When Will I Recover? Average Healing Times for 5 Common Injuries

When Will I Recover? Average Healing Times for 5 Common Injuries

Average healing times of common sports injuriesYou may have just suffered an injury and are wondering when you can return to your usual level of activity again. Learn how long it might to get better, and how you can speed up the process.

Ankle sprain

Average healing time: 6 – 12 weeks.

At the point of injury, apply the R.I.C.E. method – rest, ice, compression and elevation – to effectively deal with ankle sprains.

Hamstring pull

Average healing time: Hamstring injuries can take anywhere between 3 – 6 months to heal. 

On occasion it can even take up to a year to heal, often due to inadequate physiotherapy and stretching, and returning to sports too early. Recovery usually requires with working on rebuilding muscle to prevent a repeated injury.

Shin splints

Average healing time: The discomfort will usually resolve in a few days with rest and limited activity. However, this condition can persist if not recognised early and treated.

Identifying the root cause of this injury is important. Is the condition due to over-training? Is it a problem with the surface on which you do your activity? Perhaps running on a softer surface like a running track may be beneficial. If you are a heel-striker when running and have a flexible flat-foot, an arch support may be required.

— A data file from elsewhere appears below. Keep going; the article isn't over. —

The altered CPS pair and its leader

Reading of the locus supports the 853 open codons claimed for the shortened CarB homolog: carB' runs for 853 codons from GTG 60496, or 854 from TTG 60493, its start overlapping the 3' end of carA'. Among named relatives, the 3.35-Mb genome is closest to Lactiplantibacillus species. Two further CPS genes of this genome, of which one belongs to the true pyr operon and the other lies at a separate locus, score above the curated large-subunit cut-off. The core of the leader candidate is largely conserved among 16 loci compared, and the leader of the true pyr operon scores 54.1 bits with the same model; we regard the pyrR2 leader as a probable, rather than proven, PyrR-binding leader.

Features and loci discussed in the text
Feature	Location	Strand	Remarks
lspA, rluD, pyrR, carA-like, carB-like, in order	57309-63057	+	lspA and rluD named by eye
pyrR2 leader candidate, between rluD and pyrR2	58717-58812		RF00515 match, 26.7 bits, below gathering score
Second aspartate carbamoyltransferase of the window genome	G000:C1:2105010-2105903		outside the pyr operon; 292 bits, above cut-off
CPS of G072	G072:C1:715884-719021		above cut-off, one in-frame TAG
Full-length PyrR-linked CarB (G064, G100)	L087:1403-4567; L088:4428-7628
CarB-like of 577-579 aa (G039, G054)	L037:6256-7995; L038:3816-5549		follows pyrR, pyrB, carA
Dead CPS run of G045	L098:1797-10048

ACL tear

Average healing time: Medical treatment for an ACL injury begins with several weeks of rehabilitation and your rate of recovery will depend on how bad the injury is.

Whether you undergo surgery or not, rehabilitation plays a vital role in stabilising your condition and helping you return to a normal lifestyle. Rehabilitation will focus on reducing pain and swelling, restoring the knee’s full range of motions, and strengthening of muscles especially the hamstrings, quads and glutes.

Tennis elbow

Average healing time: Although the condition often gets better on its own, this injury can take between 3 – 12 months to fully heal. 

During this time, rest is extremely important in allowing the tendons and muscles heal.  Targeted rehabilitation and stretches are critical for this process.

 

Article reviewed by Dr Michael Soon, orthopaedic surgeon at Mount Elizabeth Hospital

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